The wages of luck in a bad economy

October 02, 2003|By Clarence Page

WASHINGTON -- This presidential campaign season is beginning to look like something that Yogi Berra might call "deja vu all over again."

Imagine, for example, a president named Bush who gains sky-high approval ratings from a war against Iraq's Saddam Hussein, only to face shrinking popularity amid a sluggish economy back home.

Yes, that was what happened with Bill Clinton's unexpected victory over the elder President Bush in 1992. The elder Mr. Bush's problem, as it turned out, was not so much the economy as much as it was the voting public's perceptions of the economy. Even as the economy was starting to turn around in early 1992, Mr. Bush's pollster Robert Teeter warned that there were storm clouds on the horizon: a growing disapproval with the direction in which the country was headed.

Recent polls regarding the younger Mr. Bush show renewed public anxiety about this country's direction. And recent headlines about a rise in poverty and in the numbers of the uninsured are not helping matters.

For the second year in a row, the number of Americans living in poverty has gone up. Almost 1.7 million fell into poverty last year, the Census Bureau reports, which pushed the official poverty rate up to 12.1 percent from 11.7 percent in 2001. The new total of 34.6 million includes 12.1 million children.

"What we are seeing is a loss of manufacturing jobs and an increase in service-sector jobs that pay less than $8.77," says Beth Shulman, a Washington author, lawyer and lecturer on labor issues. That $8.77-per-hour figure is the level where the federal minimum wage would be, had it continued to keep up with inflation, Ms. Shulman says.

In her new book, The Betrayal of Work: How Low-Wage Jobs Fail 30 Million Americans and Their Families (New Press), Ms. Shulman says she would like to see a higher minimum wage. She also calls for health care and family-leave time for all workers.

That makes Ms. Shulman sound like a liberal throwback in today's conservative Washington. But, in the real world outside Washington, she points out, more than 30 million (or one in four) American workers now work in jobs that pay poverty wages, provide few or no benefits and allow little flexibility in time for quality child care. As our economy shifts away from manufacturing jobs over the long haul, their numbers are going up. What once were seen as issues of the poor, Ms. Shulman says, are becoming issues for the middle class.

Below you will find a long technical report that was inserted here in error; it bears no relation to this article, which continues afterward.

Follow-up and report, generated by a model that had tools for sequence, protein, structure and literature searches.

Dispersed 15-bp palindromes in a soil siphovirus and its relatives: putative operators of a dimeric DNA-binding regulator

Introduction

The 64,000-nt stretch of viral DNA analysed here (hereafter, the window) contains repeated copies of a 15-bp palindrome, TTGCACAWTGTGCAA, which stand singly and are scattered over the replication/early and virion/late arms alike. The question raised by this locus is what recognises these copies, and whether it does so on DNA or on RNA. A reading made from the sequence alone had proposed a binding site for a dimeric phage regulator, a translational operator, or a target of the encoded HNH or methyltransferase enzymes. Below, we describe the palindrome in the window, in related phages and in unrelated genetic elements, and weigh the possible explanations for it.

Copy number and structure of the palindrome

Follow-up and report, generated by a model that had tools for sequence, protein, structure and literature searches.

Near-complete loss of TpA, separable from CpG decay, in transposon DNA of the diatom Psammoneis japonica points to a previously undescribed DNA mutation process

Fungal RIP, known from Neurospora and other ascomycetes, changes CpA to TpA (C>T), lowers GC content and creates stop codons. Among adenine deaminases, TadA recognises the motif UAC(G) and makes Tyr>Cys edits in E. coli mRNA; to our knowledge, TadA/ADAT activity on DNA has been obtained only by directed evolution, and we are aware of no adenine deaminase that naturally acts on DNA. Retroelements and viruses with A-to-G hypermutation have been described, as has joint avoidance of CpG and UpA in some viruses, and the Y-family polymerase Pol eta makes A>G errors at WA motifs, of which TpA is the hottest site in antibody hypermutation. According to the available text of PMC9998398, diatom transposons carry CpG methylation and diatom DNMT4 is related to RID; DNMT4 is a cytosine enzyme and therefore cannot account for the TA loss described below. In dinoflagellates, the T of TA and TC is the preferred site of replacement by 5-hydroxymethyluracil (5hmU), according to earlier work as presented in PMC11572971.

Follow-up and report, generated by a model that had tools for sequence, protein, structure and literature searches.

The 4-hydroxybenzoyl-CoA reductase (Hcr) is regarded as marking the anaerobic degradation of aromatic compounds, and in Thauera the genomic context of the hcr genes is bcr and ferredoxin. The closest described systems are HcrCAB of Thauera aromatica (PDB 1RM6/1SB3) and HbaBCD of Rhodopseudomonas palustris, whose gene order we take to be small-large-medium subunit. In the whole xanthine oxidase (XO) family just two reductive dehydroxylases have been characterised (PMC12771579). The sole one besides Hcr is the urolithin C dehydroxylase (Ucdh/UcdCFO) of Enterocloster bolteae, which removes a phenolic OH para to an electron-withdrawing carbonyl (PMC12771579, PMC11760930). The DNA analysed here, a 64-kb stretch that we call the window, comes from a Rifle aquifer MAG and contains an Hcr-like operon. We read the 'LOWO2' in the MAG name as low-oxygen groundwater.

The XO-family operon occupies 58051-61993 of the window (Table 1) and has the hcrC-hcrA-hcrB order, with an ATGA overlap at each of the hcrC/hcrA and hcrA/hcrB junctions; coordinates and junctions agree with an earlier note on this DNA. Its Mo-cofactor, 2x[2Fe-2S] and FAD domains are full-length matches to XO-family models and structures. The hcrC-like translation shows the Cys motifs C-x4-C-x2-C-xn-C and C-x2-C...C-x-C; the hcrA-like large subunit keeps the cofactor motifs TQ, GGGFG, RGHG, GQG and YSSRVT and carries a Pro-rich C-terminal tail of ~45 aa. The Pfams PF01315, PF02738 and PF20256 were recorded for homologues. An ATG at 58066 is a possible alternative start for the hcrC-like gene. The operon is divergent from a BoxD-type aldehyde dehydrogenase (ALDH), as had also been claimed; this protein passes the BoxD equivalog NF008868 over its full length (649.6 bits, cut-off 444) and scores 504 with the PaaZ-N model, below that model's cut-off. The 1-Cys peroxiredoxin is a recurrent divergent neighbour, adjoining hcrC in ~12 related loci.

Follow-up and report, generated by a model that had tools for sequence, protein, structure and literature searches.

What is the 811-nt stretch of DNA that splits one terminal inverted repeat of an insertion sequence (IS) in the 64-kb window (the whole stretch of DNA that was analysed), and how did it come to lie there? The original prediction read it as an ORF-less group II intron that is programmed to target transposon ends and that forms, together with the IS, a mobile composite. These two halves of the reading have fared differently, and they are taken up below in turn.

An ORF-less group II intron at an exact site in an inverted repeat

Health care is one such issue. The Census Bureau this week reported that 43.6 million Americans were uninsured in 2002, a jump of 2.4 million from the previous year. That's a powerful symbol of lost jobs, lost overtime, lost health care, lost pensions and a lost sense of well-being in the current economy.

As income assistance to the working poor, I think the Earned Income Tax Credit does a better job of targeting those who need it most: low-income working parents, many of whom recently left welfare rolls. A single mother working at minimum wage, for example, will rise above the government's poverty level in spending power with the help of the tax credit and food stamps.

As Robert E. Rector, a welfare policy expert at the conservative Heritage Foundation, put it, "We, as a nation, decided about 10 years ago that the EITC was a better mechanism than the minimum wage or (job) training programs" for targeting assistance to low-income working parents who have children to support.

My colleagues on The Wall Street Journal's conservative editorial page helped set the tone for that "starve the beast" side in robust in-your-face editorials Nov. 20 and Jan. 20 that defended the favoritism that Mr. Bush's tax cuts showed for upPer-income taxpayers.

You should not feel sorry for the "non-taxpaying class" of low-income workers, the Journal said, calling them "lucky duckies." "They are the beneficiaries of tax policies that have expanded the personal exemption and standards deduction and targeted certain voter groups by introducing a welter of tax credits for things like child care and education."

These "lucky duckies," let us remember, are the folks who park cars, wait tables, clean offices, pick up trash and care for grandma or grandpa in nursing homes. With luck like that, they don't need misfortune. The Earned Income Tax Credit is designed not to make them rich, but to help them stay out of poverty and off welfare.

There are two kinds of people in this world, my father used to say: the movers and shakers and those who get moved and shaken. The latter group, the first to be shaken by hard times, doesn't get heard much until they turn out and vote. The elder Mr. Bush never quite grasped that message. This junior Mr. Bush still has a chance to learn from his father's mistakes.

Clarence Page is a columnist for the Chicago Tribune, a Tribune Publishing newspaper. His column appears Thursdays in The Sun. He can be reached at

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